Graphite is the most common allotrope of pure carbon. It takes the form of a black, soft solid. The structure is a comparatively weak one (compared to diamond), it is bonded in layers. This is one of the reasons for it being so soft. These layers can slide past each other with great ease, which makes it very useful as a solid state lubricant. The most well known use for graphite is to make "Leads" in pencils. In pencils the graphite is mixed with clay to change the hardness of the "Lead".
As mentioned above graphite has a layered structure, the approximate distance between layers is 3.35
Angstroms. Because the separation of the layers is approximately the Van Der Vaal's radii of C, then the layers should be weakly bonded to each other. This accounts for its low hardness. This is because the layers can slide over each other easily. Each carbon is bonded to three others, this is by Pi and Sigma bonds. It is these Pi bonds which account for its high electrical conductivity.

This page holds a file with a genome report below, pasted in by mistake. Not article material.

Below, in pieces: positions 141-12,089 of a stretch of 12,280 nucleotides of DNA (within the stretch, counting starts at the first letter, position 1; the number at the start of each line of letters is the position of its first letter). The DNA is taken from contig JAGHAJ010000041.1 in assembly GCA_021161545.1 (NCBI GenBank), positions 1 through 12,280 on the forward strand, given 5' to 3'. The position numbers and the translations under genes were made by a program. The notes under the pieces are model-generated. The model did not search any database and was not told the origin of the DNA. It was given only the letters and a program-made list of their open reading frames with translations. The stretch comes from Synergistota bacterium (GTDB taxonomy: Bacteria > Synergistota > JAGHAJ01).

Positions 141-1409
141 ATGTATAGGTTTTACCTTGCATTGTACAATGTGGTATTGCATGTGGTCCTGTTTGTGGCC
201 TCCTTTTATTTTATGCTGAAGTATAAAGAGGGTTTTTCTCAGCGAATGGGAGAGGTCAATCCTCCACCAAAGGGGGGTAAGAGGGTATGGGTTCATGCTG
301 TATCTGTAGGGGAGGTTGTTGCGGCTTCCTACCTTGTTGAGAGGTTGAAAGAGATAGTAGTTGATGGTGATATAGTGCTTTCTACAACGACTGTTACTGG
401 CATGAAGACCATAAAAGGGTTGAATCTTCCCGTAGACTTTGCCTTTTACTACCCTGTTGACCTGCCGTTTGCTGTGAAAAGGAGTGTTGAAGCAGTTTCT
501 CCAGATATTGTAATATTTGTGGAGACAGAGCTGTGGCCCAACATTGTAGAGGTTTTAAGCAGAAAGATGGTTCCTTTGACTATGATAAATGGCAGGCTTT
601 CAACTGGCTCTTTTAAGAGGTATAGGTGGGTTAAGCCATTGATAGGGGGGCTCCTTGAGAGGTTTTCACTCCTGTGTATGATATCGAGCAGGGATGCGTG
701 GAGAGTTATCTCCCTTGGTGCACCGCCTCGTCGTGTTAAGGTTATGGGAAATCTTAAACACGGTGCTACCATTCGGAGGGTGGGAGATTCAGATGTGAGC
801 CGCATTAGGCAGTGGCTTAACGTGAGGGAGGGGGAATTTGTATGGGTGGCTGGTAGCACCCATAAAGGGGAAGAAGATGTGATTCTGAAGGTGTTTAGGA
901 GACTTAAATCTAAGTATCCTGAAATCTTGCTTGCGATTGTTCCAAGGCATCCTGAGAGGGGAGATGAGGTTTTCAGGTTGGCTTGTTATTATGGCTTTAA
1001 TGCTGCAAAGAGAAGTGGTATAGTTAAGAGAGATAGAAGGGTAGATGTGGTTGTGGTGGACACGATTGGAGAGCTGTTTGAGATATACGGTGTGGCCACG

As mentioned above graphite is used as a solid state lubricant, also mentioned above it is a major constituent of pencil "leads". Because of its good electrical conductivity, and relatively low reactivity it is useful to use as an electrode. A more serious use for it is that it slows down neutrons in a nuclear reactor.
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